EDID? Linux? What? The article doesn't mention those topics at all. It's talking about an ARM-based chip that was unexpectedly found in a new model of a supposed "adapter cable" from Apple that is providing results that are substantially inferior to what was available on older models of Apple's similar products. As a result, if you use this cable to attach your iWhatever to a TV, you get laggy, downsampled, artifact-laden video, where Apples previous products and products from their competitors deliver sharp, un-transcoded 1080p video.

  • Re:Wireless wire? (Score:2, Informative)

    by Anonymous Coward on Saturday March 02, 2013 @07:09PM (#43056889)

    3. Pins are dynamically assigned, so future peripherals and devices can keep physical connector and use new protocols and capabilities (real analog, etc).
    4. Beveled edges and blade shape guide connector in; much easier to insert than Micro USB even when you have Micro USB right side up.
    5. Cooler name.

  • by SuperKendall ( 25149 ) on Saturday March 02, 2013 @07:21PM (#43056967)

    The serial/parallel distinction is completely useless in here.

    The point of that is that he's claiming it can't possibly have much bandwidth without a lot of pins. So, seemingly, he's never heard of serial style connectors which never have a ton of pins compared to parallel style connectors...

    And until now, all we've seen is quite underwhelming, with USB2 data cables, and now this adapter.

    Neither needs to be faster. Most people now use cables only for charging. Data and even movie purchases go onto the devices wirelessly for most users. Backup happens wirelessly. Broadcasting video happens wirelessly. So Apple made cables that do on thing really well - charge rapidly - and the other tasks provide sufficient levels of performance, with some things like HDMI signals directly from the device dropped as legacy. It's pointless to support USB 3.0 speeds on data transfer when it would add to the cost of the device and yet very few users would benefit from it.

  • by SplatMan_DK ( 1035528 ) on Saturday March 02, 2013 @08:04PM (#43057233) Homepage Journal

    Nope. He is correct. Just one.

    And a grounded wire at each end; sure. But there is no need to run that along the signal line. ;-)

    - Jesper

  • by Anonymous Coward on Saturday March 02, 2013 @09:20PM (#43057675)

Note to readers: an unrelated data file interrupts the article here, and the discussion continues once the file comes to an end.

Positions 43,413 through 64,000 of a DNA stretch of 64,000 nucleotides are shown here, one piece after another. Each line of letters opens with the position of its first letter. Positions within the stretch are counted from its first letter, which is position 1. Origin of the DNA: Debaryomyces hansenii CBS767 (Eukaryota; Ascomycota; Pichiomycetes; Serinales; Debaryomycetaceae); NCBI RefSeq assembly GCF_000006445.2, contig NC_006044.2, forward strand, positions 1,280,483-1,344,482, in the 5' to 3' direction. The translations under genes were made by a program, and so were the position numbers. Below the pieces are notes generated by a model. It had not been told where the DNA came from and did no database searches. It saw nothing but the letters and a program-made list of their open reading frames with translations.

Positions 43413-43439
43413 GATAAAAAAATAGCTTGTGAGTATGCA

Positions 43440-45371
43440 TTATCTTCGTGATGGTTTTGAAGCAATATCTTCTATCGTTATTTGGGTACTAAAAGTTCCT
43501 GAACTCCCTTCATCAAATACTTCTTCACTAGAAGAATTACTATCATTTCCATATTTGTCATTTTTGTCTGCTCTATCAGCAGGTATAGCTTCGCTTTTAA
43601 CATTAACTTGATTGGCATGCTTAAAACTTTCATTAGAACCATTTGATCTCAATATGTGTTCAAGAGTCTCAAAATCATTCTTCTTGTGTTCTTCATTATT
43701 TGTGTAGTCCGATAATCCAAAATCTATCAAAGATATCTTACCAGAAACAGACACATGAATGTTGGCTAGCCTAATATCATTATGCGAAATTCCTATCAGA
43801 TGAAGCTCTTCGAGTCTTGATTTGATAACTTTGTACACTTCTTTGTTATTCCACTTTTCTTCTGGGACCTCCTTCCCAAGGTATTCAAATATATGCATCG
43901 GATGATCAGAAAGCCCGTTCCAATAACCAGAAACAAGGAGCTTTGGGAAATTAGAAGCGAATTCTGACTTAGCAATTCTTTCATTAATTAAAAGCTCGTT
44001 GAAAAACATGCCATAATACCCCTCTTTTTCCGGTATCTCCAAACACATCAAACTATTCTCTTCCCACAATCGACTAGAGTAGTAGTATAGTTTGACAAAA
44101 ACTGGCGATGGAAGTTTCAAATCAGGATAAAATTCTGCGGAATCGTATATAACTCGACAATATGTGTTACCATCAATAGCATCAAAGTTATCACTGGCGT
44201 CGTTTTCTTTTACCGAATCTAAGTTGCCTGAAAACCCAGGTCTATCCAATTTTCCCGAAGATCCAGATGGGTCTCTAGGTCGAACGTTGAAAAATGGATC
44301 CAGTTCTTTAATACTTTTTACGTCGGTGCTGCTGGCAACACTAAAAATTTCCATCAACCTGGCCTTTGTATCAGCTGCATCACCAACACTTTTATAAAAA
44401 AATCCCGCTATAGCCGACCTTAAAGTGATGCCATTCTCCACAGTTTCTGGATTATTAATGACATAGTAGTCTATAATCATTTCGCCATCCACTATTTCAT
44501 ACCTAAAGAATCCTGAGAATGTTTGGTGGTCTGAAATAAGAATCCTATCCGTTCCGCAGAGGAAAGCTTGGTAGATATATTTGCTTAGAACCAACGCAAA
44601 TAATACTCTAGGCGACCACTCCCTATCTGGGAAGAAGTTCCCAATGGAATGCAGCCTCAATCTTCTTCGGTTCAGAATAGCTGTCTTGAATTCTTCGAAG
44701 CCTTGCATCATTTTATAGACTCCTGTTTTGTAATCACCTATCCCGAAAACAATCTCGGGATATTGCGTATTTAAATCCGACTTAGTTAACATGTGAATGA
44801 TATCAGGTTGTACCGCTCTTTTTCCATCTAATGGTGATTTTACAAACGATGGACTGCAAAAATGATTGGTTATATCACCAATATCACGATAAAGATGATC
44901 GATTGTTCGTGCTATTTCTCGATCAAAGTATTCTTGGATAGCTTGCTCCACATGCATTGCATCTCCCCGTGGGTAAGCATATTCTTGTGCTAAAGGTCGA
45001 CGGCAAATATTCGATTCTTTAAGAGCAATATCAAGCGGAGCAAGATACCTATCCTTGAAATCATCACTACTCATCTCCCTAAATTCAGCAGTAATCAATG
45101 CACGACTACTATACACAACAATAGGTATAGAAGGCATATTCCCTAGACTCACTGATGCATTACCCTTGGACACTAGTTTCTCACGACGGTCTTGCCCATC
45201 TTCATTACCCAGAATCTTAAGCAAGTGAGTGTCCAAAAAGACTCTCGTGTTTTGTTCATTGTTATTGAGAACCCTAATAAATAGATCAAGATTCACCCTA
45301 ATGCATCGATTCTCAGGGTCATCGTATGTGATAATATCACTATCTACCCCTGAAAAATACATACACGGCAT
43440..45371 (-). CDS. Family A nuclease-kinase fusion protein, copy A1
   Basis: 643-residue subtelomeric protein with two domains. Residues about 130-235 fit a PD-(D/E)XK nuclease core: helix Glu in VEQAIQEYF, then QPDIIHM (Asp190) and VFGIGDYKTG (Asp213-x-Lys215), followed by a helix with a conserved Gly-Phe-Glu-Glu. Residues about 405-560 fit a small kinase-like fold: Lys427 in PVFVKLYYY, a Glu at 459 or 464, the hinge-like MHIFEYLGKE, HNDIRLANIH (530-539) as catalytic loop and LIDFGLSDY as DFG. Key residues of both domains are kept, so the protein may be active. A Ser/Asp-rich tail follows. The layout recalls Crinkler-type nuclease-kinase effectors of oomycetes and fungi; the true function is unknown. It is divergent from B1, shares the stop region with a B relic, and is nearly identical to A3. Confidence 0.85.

Airplay is not involved in the operation of this adapter.

    It is true that the kernel the adapter SoC boots is based off of XNU, but that's where the similarities between iOS and the adapter firmware end. The firmware environment doesn't even run launchd. There's no shell in the image, there's no utilities (analogous to what we used to call the "BSD Subsystem" in Mac OS X). It boots straight into a daemon designed to accept incoming data from the host device, decode that data stream, and output it through the A/V connectors. There's a set of kernel modules that handle the low level data transfer and HDMI output, but that's about it. I wish I could offer more details then this but I'm posting as AC for a damned good reason.

    The reason why this adapter exists is because Lightning is simply not capable of streaming a "raw" HDMI signal across the cable. Lightning is a serial bus. There is no clever wire multiplexing involved. Contrary to the opinions presented in this thread, we didn't do this to screw the customer. We did this to specifically shift the complexity of the "adapter" bit into the adapter itself, leaving the host hardware free of any concerns in regards to what was hanging off the other end of the Lightning cable. If you wanted to produce a Lightning adapter that offered something like a GPIB port (don't laugh, I know some guys doing exactly this) on the other end, then the only support you need to implement on the iDevice is in software- not hardware. The GPIB adapter contains all the relevant Lightning -> GPIB circuitry.

    It's vastly the same thing with the HDMI adapter. Lightning doesn't have anything to do with HDMI at all. Again, it's just a high speed serial interface. Airplay uses a bunch of hardware h264 encoding technology that we've already got access to, so what happens here is that we use the same hardware to encode an output stream on the fly and fire it down the Lightning cable straight into the ARM SoC the guys at Panic discovered. Airplay itself (the network protocol) is NOT involved in this process. The encoded data is transferred as packetized data across the Lightning bus, where it is decoded by the ARM SoC and pushed out over HDMI.